Surrey fielded a staggering 34 players this summer due to international calls, injuries, Covid-19 and, of course, The Hundred.
With the new tournament stripping the Oval outfit of more playing resources than any other county, expectations for the Royal London Cup, scheduled to run alongside the razzmatazz, weren’t high. But, as it turned out, the South Londoners – at their best in the 50-over competition – reached the semi-finals.
It helped they had a settled side; albeit a settled side of red rather than white-ball specialists, considered unlikely to cut the mustard in The Hundred, and graduates from Surrey’s academy.
There was much to applaud as well as savour for those fans who put supporting their county ahead of being sucked in by The Hundred, which was marketed so heavily it attracted 510,000 spectators across 32 matches.
Surrey’s batsmen hit five centuries in the Royal London, two of which – Ryan Patel’s 131 against Notts and Tim David’s unbeaten 140 when Warwickshire were on the receiving end – were the fastest for the Oval outfit since 2007.
Jamie Smith heaped even more misery on Notts at Guildford by following up Patel’s pyrotechnics with a 16-ball fifty – the joint quickest in domestic List A cricket, equalling a record that had stood alone since 1990.
But David, who was signed as second overseas player towards the end of the T20 group phase, was the star of the show, averaging 68 and a six every 11 balls in the Royal London.
It secured the Singaporean an IPL deal, which means negotiating anything more than a fleeting return to the Oval in 2022 seems unlikely.
With the ball, Dan Moriarty, 22, continued to impress, and along with Cameron Steel – signed from Durham primarily to bolster the batting – wickets fell to spin at both ends. Conor McKerr, 23, also put forward a strong case for increased four-day opportunities with the new ball by taking 18 wickets – a haul only bettered by Glamorgan’s Joe Cooke – at 21.44.
But most encouraging of all was the poise with which the 21-year-old Smith skippered Surrey in the absence of Rory Burns and Hashim Amla, the club’s official captain and vice.
Armed, initially, with both Currans and Jason Roy, Surrey made an exuberant start to the Vitality Blast, winning each of their first three group fixtures in the T20. But after the trio headed off to play for England, performances suffered.
With Ben Foakes (hamstring) and Reece Topley (side strain) sidelined, Surrey were forced to throw the likes of Ben Geddes, 20, into the mix.
Surrey had to win their final group game to be in with a chance of securing a place in the quarter-finals, which they did, taking their points tally in the Vitality Blast to 15. But when the dust settled on the group phase the South Londoners were the only side with 15 points or more not to make it through.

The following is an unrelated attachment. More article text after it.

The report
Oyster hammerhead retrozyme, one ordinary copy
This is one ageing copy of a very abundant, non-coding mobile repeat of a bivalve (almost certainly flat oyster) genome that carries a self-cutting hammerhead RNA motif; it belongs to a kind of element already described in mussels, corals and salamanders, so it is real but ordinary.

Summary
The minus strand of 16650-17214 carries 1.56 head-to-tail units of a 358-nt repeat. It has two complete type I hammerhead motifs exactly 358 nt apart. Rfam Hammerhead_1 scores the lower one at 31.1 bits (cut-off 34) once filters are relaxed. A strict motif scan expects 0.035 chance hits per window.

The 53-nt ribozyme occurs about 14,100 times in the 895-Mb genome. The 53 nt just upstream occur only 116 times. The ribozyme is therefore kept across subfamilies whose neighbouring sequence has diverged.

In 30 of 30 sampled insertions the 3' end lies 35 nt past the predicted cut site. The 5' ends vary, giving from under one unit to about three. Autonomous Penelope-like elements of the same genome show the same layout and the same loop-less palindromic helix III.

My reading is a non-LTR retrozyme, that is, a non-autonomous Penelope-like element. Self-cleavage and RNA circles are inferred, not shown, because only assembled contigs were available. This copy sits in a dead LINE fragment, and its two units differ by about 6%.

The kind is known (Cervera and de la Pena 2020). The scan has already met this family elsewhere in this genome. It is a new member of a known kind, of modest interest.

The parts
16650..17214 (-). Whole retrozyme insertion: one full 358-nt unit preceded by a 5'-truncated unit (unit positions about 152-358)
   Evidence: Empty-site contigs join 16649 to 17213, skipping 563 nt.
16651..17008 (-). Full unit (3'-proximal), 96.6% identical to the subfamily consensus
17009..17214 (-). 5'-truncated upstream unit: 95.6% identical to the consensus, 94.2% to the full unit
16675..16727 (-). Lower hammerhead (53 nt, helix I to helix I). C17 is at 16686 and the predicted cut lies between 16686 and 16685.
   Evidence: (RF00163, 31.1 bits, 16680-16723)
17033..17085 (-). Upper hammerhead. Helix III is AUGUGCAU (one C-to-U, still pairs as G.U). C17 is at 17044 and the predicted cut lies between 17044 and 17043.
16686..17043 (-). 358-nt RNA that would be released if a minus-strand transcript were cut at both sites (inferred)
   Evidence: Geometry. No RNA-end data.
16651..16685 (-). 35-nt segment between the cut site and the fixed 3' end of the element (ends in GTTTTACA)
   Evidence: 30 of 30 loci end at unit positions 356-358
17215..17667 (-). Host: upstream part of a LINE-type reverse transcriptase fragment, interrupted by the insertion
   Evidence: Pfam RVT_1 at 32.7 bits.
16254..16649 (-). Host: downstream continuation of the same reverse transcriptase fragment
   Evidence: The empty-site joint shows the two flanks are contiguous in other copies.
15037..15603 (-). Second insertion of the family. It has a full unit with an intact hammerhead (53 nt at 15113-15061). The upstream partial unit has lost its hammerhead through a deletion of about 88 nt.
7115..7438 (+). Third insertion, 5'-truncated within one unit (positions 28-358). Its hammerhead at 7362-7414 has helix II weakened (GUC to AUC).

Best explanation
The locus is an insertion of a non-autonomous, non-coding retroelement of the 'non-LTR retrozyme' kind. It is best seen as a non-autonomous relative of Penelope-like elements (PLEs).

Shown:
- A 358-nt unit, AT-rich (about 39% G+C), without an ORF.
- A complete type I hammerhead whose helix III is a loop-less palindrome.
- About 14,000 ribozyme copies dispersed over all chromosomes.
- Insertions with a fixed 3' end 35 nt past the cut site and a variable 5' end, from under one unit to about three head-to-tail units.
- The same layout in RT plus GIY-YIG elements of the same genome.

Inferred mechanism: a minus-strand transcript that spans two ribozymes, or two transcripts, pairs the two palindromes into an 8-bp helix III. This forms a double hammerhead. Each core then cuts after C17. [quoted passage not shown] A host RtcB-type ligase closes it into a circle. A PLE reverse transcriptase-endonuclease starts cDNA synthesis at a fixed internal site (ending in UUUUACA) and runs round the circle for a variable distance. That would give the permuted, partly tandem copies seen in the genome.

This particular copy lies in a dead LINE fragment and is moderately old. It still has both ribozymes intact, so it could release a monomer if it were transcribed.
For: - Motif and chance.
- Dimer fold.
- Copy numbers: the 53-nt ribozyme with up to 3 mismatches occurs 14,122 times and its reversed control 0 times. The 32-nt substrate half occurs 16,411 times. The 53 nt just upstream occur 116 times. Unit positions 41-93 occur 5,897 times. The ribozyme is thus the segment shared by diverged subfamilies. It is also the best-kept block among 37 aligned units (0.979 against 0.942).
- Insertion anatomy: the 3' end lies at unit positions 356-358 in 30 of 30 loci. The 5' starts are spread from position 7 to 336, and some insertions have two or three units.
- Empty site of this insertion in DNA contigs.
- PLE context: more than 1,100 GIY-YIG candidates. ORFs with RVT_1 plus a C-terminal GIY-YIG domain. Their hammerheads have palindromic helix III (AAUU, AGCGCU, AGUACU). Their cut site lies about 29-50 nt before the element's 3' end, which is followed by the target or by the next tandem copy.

To have got so close, but yet so far was tough on Will Jacks, who made 393 runs at 35.72 in the Vitality Blast, and seamer Gus Atkinson, who was Surrey’s leading T20 wicket-taker with 15 scalps at 14.86.
Surrey’s County Championship campaign provided as many lows as it did highs, which was deflating given they were as close to full strength as is possible, in this era of packed international schedules and franchise cricket, for the first 8 matches.
Within a month, away defeats to Gloucestershire and Middlesex, with a run-laden draw with Leicestershire in-between, scuppered any realistic chance of qualifying for Division One, and therefore a crack at the title.
When Amla – the South Londoners’ leading championship run-scorer – delivered with the bat, so did Surrey. But not having a settled attack made bowling sides out twice challenging.
They managed to do so in just three matches. It was no coincidence that they had the services of an overseas bowler on each occasion – Kemar Roach, when Hampshire were brushed aside at the beginning of May; Sean Abbott, when Gloucestershire suffered the same fate at the Oval; and Ravi Ashwin, when Somerset were bundled out for 69 on the last day.
It was disappointing that, with two matches to play when the final international of the summer was cancelled in controversial circumstances, Ollie Pope was the only England star to return to the Surrey fold for what remained of the 2021 campaign.
It was yet another opportunity to run the rule over some of the fringe players, but if Surrey learnt anything it was that inexperience and a lack of star quality is not a recipe for success.
Whether we’ll see the return of promotion and relegation in the championship not only depends on covid, but also The Hundred, which looks likely to be played in parallel in future, to give England’s players the chance to get mid-Test series red-ball exposure.
Stewart is keen to see the championship revert to two divisions, even in the knowledge that he’ll have to continue operating with one arm tied behind his back.
“We’re going to have to rebuild because of so many unknowns,” said Stewart. “We don’t know who will be playing for us next season, for instance who will be playing for England and how many players we’ll have in the IPL.”
PICTURES: KEITH GILLARD
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